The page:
But Bragman isn't bragging, even though he rightfully could; after all, it's his party and he'll kvell if he wants to.
Which is one reason why Where's My Fifteen Minutes? -- a famously fitful and descriptive title of those thinking fame is their entitlement -- is the perfect paparazzi of a name for his autobiographical and autograph-worthy book describing the importance of public relations.
And it's meant fame and fortune for Bragman, CEO of Fifteen Minutes, as well as founding partner of the behemoth Bragman Nyman Cafarelli, whose Hollywood clientele alone would have Wolfgang Puck reaching for his pizza.
The book -- a handguide to the handsome and the beautiful of Tinseltown at its shimmiest -- offers insider's insight and out-of-there anecdotes of why so many are famished for fame.
And Bragman's the one to dish famously. But putting his best foot forward means no retrograde razing either; it's all about perception and reality, he says of the initial impact of what P.R. has become.
And P.R. is a becoming profession for the famous and openly gay practitioner whose journalism and psychology majors from the University of Michigan he's been able to brandish in a career with a client list that has included Isaiah Washington of "Gray's Anatomy" infamy; gay NBC center John Amaechi, whose best-selling Man in the Middle gave the finger to those who have taken some foul shots at gays; Sandra Bernhard; and the Monica Lewinsky family.
Fifteen minutes? Aren't we already up to 14, with the clock running out for many? Well, it's a recession, and time has slowed down a bit, laughs Bragman.
"More than ever," he says of clients, "they need me."
His is a need-read for those who, as the subtitle says of this business of super-egos, want to "get your company, your cause or yourself the recognition you deserve."
Mouthpiece as mouth peace; bringing harmony and headlines together for a client. The book is a limo ride of delights, with Bragman bratting out himself as well. "Sometimes, even P.R.-savvy individuals can make mistakes, including this humble author," he writes of getting it wrong while "trying to sell a beautiful contemporary house in Los Angeles owned by a man [and real estate client] named Schindler."
Did he really place an ad in the Hollywood Reporter for "Schindler's Listing" just at the time that Steven Spielberg's Holocaust epic was coming out?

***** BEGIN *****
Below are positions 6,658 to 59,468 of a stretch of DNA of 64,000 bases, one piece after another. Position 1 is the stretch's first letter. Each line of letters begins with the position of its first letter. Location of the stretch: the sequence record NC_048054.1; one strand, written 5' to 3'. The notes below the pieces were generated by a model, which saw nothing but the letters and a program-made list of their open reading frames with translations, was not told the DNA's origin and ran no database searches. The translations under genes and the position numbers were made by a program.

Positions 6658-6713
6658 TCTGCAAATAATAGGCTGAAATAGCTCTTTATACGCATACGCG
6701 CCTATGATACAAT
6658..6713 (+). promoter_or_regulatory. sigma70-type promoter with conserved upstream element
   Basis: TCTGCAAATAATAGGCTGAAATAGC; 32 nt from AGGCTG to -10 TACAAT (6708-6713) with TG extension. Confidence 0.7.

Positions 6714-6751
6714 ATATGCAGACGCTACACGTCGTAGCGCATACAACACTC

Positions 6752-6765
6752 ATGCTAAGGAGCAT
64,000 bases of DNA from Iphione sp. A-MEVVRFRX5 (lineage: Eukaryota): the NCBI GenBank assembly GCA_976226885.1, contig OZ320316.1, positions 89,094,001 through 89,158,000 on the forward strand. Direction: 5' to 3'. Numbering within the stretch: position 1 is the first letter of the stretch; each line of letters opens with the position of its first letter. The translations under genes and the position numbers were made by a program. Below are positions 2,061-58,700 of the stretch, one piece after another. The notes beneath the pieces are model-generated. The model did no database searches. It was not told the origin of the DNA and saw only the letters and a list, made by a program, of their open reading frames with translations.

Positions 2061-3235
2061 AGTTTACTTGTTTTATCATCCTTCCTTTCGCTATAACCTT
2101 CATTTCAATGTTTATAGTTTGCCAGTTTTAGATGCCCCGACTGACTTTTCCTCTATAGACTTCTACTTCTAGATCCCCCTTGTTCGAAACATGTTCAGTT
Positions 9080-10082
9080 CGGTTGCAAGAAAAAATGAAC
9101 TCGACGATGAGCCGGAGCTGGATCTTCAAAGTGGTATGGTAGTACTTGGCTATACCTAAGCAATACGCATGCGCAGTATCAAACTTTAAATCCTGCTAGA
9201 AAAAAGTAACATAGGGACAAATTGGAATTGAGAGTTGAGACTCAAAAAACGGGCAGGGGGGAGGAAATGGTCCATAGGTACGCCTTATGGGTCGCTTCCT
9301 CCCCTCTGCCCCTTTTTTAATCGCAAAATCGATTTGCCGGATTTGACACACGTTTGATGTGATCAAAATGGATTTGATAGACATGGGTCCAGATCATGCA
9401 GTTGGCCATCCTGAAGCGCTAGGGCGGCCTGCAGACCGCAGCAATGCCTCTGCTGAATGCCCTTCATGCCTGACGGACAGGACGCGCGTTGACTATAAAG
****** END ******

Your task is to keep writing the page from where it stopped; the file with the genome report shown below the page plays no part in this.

Perfect timing and time for an unlisted number, eh, Howard? In an Oscar-worthy apology, Bragman writes that he and his client, after braving the brouhaha -- although nobody was laughing -- "called Rabbi Marvin Hier of the Holocaust Museum here in Los Angeles and explained that we were two nice Jewish boys who had displayed appalling lack of judgment."
Judgment daze indeed. "Thank God [the ad] ran on Shabbat, and not that many people saw it after all," says Bragman now.
But good P.R. is what you want people to see. It isn't always pretty. "My grandfather was a butcher and as he said about the sausage, it looks good, but you don't know what's in it."
Of course, there was the time Bragman's bubba got a taste of her grandson's public-relations talents without knowing he was the source of the publicity.
Rock 'n' Rawls: Promoting a benefit appearance by client Lou Rawls and his "Parade of Stars," Bragman nabbed a newspaper account of Rawls to coincide with the charitable concert. But Bragman's bubba, recalls the publicity poo-bah, inadvertently rained on his pride parade: "Isn't it something the newspaper did an article on [Rawls] when he just happens to be here" with "Parade of Stars"?
In the beginning, Bragman was just a kid with some clients. But, in the beginning, so was Aaron of Bible fame.
"He was really the first P.R. guy," says Bragman with an appreciation for the amusing.
Press release etched out in stone? Notes Bragman, the author of his own "10 Commandments of Public Relations" to help clients avoid their modern-day Sinai troubles, Aaron actually coached the tongue-tied Moses on how to confront Pharaoh.
"And he did a good job," relates the writer. "He did what any good P.R. person would do; he let his client shine."
Stellar advice, but Bragman has become a sun god himself, often an expert source of commentary on various TV show-business programs in which he shows his stuff. But what about letting the sun shine in solely on those clients? It is a good idea -- "except in my own personal case," he kibitzes.
How about personal-injury cases, taking on clients with advanced foot-in-mouth disease? "Sometimes, you're the doctor," says Bragman. "And sometimes, you can't save the patient."
And sometimes, the patient dismembers himself. Could he have done anything for O.J. Simpson?
"That's a tough one," Bragman muses on the hypothetical assignment of taking the case of the hypocritical ex-footballer who ran afoul of the law on more than one occasion. "I would have advised him that he had to accept the fact that he screwed up. He never said he was sorry."
Sorry is more than a game of chance; it's a venerated trait.
"The concept of forgiveness is part of our Judeo-Christian ethic," affirms Bragman.
Bragman's Rites include doing the right thing for his heritage; the man who founded the Jewish Image Awards of TV and Film has long been soulfully rewarded himself for being active on behalf of Jewish charities and concerns.
And the much-honored honorable practitioner of public relations understands that his profession has, in the past, been passed over by some naysayers as being a sleaze business.
But, speaking like the rebbe of public relations that he is, Bragman also knows generating idol worship among the public is no excuse for idle abandonment of ethics.
"The honor goes with the person," says Bragman, "not the profession."